Capital Watch April 2014

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Capital Watch April 2014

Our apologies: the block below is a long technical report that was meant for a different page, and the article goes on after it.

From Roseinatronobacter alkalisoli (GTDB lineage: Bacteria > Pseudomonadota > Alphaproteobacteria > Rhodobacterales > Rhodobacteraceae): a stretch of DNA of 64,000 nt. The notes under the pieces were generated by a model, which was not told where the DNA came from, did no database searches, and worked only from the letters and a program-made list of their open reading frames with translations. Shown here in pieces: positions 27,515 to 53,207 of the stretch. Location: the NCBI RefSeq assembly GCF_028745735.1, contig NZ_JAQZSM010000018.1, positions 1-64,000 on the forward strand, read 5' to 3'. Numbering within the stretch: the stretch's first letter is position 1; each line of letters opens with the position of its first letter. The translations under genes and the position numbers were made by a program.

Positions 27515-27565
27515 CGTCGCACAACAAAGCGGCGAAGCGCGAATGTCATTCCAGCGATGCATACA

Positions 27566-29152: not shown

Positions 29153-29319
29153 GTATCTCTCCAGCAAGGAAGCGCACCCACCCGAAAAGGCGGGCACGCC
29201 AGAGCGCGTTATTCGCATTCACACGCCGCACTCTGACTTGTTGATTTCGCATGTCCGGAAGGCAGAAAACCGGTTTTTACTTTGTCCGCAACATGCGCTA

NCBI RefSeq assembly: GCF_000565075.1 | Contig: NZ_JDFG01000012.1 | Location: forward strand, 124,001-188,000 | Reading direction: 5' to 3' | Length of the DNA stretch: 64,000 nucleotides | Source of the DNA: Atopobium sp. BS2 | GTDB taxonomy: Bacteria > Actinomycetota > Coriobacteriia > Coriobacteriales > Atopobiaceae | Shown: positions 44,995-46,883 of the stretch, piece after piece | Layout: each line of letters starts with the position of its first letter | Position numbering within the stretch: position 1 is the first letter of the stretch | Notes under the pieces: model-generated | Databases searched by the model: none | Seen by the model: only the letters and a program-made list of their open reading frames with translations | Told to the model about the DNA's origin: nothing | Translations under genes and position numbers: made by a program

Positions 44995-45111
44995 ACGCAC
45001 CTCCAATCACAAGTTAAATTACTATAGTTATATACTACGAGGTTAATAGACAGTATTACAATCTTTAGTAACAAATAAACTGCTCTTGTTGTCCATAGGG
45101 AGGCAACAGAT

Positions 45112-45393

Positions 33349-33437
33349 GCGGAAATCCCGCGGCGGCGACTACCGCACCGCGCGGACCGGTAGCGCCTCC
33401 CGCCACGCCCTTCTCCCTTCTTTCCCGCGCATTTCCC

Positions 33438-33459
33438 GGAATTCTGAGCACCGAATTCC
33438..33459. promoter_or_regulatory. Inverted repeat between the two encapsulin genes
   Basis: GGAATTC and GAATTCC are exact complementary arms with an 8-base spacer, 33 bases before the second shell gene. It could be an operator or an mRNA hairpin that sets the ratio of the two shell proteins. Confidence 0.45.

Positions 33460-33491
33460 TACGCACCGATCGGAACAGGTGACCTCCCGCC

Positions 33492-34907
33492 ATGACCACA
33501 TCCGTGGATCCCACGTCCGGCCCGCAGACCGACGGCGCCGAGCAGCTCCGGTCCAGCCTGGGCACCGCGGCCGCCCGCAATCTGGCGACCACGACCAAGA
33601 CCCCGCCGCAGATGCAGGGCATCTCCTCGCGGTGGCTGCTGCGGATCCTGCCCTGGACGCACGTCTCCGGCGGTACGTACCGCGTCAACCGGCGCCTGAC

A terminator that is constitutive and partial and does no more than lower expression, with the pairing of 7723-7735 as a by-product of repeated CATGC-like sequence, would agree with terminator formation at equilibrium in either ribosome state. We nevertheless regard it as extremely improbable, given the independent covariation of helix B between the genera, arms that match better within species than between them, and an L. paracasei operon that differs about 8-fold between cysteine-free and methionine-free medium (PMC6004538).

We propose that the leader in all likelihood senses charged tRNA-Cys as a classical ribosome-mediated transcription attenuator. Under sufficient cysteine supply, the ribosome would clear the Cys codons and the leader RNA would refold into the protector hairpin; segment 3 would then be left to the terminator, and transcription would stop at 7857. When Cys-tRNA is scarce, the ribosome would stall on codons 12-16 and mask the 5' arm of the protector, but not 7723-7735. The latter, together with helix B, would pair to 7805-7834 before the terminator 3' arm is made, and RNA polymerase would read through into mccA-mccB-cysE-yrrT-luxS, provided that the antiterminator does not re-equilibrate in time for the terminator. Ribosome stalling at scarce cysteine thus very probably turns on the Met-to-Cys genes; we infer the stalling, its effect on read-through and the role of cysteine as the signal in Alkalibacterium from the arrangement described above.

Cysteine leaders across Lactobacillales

1. 1. WORLD IN PERSPECTIVE PG 2 POTENTIAL RISKS PG 2 US UPDATE PG 3 INTHISISSUE During a crisis, investors will take their eyes away from the fundamentals and focus on the crisis instead. Once the crisis is over, the focus will return to the fundamentals. While geopolitical risks in Ukraine- Crimea and Russia persist,it is safe to say that the chances of the crisis degenerating into a full blown Russia-NATO confrontation have declined to a large extent. Germany has rejected calls to permanently expel Russia from the G8. Note that Germany relies heavily on Russian energy supplies and France is still proceeding with the US$1.6 billion sale of two Mistral-class assault vessels to Russia. In the end, it is still all about business and economics. As for the global economy, there is clear evidence of resynchronized growth among most developed nations. The US economy remains on a path of economic growth with the strengthening of the job market. The situation in the Eurozone is slowly improving, as evidenced by the upswing recorded in the Purchasing Managers Index. China is going through the process of creative destruction where the government will allow companies that are badly run to be pushed out of the market. At the same time, the government will support companies that serve a real need to prosper. While the financial community has turned bearish on Chinese growth, it is important to note that China has ample fiscal and monetary flexibility with their substantial foreign reserves and large current account surplus to steer the economy in any direction. However, any hope of long-term gains should be tempered with the expectation of short-term pain. In Japan, we are concerned about the impact of the increase in sales tax from 5% to 8% which is scheduled for the first of April. While we expect to see a boost in consumer spending just before the tax increase is implemented, we are concerned that this may affect consumer expenditure in the long term. This may have a negative impact on the effectiveness of the third arrow of Abenomics, namely structural reform in Japan. Overall, we maintain a positive outlook on the long term prospects of the global economy. UK & EUROPE UPDATE PG 4 ASIA AND EMERGING MARKETS UPDATE PG 5 ISSUE 64 | APR 2014 Albert Lam Investment Director IPP Financial Advisers Pte Ltd Important Notice: This publication is for information, without any regard to your specific investment objectives, financial situation or particular needs. You should read the prospectuses, annual reports and factsheets that are available from respective product providers or its distributors, before deciding whether to subscribe or purchase units of the Fund. The value of units in the Fund and the income accruing to the units, if any, may fall or rise dramatically. Past performance of the Fund and any economic or market predictions, projections or forecasts are not necessarily indicative of future or likely performance. Any opinion or view presented here is subject to change without notice. IPP Financial Advisers shall not be liable for any losses or damages of any kind howsoever arising from you acting on any information herein. You may wish to seek advice from a financial adviser before making a commitment to purchase the Fund. In the event that you choose not to seek advice from a financial adviser, you should consider whether the Fund is suitable for you. This publication is the property of IPP Financial Advisers, and no reproduction and / or circulation of this publication, whether in parts of in its entirety is allowed.